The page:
Glaser, B. G. (1992). Emergence vs. forcing: Basics of grounded theory analysis. Mill Valley, CA: Sociology Press.
Glaser, B., & Strauss, A. L. (1967). The discovery of grounded theory: Strategies for qualitative research. Hawthorne, NY: Aldine.
Goyol, A. B. (2002). The adjustment problems of African students at Western Michigan University. Doctoral dissertation, Western Michigan University, UMI No: 3060706.
Hayes, R. L., & Lin, H. R. (1994). Coming to America: Developing social support systems for international students. Journal of Multicultural Counseling and Development, 22, 7-16.
Hofstede, G., & Hofstede, G. J. (2005). Cultures and organizations: Software of the mind. New York: McGraw Hill.
Kim, S. (2005). Teaching International Students. Teaching Professor, 19 (4), 591-597.
Leong, F. T. L., & Sedlacek, W. E. (1989). Academic and career needs of international and United States college students. Journal of College Student Development, 30, 106-111.
Liberman, K. (1994). Asian student perspectives on American university instruction. International Journal of Intercultural Relations, 18 (2), 173-192.
Littlemore, J. (2001). The use of metaphor in university lectures and the problems it causes for overseas students. Teaching in Higher Education, 6 (3), 333 - 349.
Liu, J. (2001). Asian students' classroom communication patterns in U.S. universities: An emic perspective. Westport, CT: Ablex Publishing.
Lysgaard, S. (l955). Adjustment in a foreign society: Norwegian Fulbright grantees visiting the United States. International Social Science Bulletin, 7, 45-51.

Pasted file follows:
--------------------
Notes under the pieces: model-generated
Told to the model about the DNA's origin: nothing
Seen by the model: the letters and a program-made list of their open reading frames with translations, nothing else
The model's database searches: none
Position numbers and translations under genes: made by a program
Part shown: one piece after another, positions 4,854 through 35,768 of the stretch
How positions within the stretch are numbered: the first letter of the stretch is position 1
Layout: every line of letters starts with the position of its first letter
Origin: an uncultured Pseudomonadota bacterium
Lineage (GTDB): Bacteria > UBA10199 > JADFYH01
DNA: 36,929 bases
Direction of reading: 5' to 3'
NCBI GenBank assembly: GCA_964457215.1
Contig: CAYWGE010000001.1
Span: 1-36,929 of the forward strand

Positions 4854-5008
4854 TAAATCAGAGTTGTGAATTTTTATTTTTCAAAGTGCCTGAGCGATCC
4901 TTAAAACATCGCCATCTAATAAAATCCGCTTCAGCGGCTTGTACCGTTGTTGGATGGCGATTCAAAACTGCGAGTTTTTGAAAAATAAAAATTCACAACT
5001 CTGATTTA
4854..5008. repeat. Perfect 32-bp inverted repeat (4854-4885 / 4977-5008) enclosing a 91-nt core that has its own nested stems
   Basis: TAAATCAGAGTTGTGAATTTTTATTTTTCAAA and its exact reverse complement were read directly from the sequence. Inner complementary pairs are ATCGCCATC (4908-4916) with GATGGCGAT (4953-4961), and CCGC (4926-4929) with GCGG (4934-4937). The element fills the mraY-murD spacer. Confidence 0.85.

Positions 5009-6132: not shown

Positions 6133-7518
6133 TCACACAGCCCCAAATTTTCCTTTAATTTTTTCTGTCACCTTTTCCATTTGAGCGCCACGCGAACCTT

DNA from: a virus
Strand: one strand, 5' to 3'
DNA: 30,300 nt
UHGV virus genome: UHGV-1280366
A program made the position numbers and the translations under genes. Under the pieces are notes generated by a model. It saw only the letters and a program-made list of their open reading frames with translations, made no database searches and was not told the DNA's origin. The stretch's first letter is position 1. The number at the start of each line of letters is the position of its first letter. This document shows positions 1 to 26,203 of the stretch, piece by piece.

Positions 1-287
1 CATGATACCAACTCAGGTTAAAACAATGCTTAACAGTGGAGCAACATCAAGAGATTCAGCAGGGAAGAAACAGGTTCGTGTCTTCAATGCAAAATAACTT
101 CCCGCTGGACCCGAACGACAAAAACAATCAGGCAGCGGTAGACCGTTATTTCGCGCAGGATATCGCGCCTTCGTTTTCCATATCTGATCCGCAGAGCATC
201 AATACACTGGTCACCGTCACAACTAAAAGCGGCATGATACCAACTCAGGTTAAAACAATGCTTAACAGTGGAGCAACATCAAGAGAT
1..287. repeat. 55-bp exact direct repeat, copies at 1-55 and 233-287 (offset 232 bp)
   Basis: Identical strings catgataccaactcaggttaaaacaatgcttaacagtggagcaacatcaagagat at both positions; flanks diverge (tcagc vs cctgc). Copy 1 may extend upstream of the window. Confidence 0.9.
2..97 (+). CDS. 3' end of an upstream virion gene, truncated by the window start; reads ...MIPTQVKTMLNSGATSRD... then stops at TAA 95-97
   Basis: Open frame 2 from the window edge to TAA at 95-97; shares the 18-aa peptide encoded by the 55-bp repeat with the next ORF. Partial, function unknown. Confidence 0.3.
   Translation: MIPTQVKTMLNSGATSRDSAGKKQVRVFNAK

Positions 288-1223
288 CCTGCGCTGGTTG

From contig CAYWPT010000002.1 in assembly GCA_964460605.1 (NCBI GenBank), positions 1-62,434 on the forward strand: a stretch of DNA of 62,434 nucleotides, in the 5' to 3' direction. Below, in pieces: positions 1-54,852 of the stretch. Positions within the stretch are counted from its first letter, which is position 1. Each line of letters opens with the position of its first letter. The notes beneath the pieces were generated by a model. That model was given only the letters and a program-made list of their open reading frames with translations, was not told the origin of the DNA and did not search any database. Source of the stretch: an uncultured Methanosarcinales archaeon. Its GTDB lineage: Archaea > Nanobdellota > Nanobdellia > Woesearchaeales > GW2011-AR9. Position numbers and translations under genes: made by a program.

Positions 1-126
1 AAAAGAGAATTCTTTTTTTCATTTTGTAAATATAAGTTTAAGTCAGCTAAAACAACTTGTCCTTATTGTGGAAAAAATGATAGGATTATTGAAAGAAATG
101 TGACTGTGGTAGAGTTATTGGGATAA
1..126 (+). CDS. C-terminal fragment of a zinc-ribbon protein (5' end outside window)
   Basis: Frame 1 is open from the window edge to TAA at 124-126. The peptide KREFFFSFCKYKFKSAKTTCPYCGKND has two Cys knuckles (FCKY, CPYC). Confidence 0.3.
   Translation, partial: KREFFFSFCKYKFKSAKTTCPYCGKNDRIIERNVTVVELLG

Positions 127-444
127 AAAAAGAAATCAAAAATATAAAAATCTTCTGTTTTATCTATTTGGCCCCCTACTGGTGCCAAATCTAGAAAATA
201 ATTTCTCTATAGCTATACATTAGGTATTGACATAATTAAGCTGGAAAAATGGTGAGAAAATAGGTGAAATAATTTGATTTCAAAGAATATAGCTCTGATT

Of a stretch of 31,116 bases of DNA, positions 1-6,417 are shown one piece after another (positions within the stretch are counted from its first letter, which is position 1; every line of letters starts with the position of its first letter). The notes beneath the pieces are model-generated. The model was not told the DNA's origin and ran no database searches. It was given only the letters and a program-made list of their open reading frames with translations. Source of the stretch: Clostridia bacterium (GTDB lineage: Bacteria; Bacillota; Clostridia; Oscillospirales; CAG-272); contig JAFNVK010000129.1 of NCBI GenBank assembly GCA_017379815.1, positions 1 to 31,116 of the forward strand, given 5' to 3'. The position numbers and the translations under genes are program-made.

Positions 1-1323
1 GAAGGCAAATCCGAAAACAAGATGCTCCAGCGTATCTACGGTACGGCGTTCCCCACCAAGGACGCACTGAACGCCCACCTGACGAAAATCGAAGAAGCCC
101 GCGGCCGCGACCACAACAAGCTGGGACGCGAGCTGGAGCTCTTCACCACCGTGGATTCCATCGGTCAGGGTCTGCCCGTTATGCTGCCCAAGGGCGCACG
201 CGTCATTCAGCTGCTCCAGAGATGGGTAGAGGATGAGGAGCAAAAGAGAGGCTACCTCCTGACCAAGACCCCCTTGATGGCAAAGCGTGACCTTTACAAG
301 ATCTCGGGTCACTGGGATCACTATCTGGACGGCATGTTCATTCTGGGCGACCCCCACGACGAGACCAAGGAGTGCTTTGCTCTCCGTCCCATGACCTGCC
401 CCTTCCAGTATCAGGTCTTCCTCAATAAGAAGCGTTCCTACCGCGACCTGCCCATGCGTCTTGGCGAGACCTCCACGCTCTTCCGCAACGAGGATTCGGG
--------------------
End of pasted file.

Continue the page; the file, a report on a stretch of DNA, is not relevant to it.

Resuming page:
Mallinckrodt, B., & Leong, F. T. L. (1992). International graduate students, stress, and social support. Journal of College Student Development, 33 (1), 71-78.
Maza Duerto, A. (2004). Effects of combined economic and linguistic backgrounds on the adjustment process of international undergraduate students at Virginia Polytechnic Institute and State University. Doctoral dissertation, Virginia Polytechnic Institute and State University, UMI No: 3123740.
McCargar, D. F. (1993). Teacher and student role expectations: Cross-cultural differences and implications. The Modern Language Journal, 77, 192-207.
Mori, S. (2000). Addressing the mental health concerns of international students. Journal of Counseling and Development, 78, 137-144.
Olaniran, B. A. (1996). Social skills acquisition: A closer look at foreign students on college campuses and factors influencing their level of social difficulty in social situations. Communication Studies, 22, 72-88.
Parr, G., Bradley, L., & Bingi, R. (1992). Concerns and feelings of international students. Journal of College Students Development, 33, 20-25.
Poyrazli, S., & Grahame, K. M. (2007). Barriers to adjustment: Needs of international students within a semi-urban campus community. Journal of Instructional Psychology, 34 (1), 28-45.
Poyrazli, S., & Kavanaugh, P. R. (2006). Marital status, ethnicity, academic achievement, and adjustment strains: The case of graduate international students. College Student Journal, 40 (4), 767-780.
Poyrazli, S., Arbona, C., Bullington, R., & Pisecco, S. (2001). Adjustment issues of Turkish college students studying in the United States. College Student Journal, 35 (1), 52-62.
Prior, P. (1995). Redefining the task: An ethnographic examination of writing and response in graduate seminars. In D. Belcher & G. Braine (Eds.), Academic writing in a second language (pp. 47 â€“ 82). Norwood, NJ: Ablex.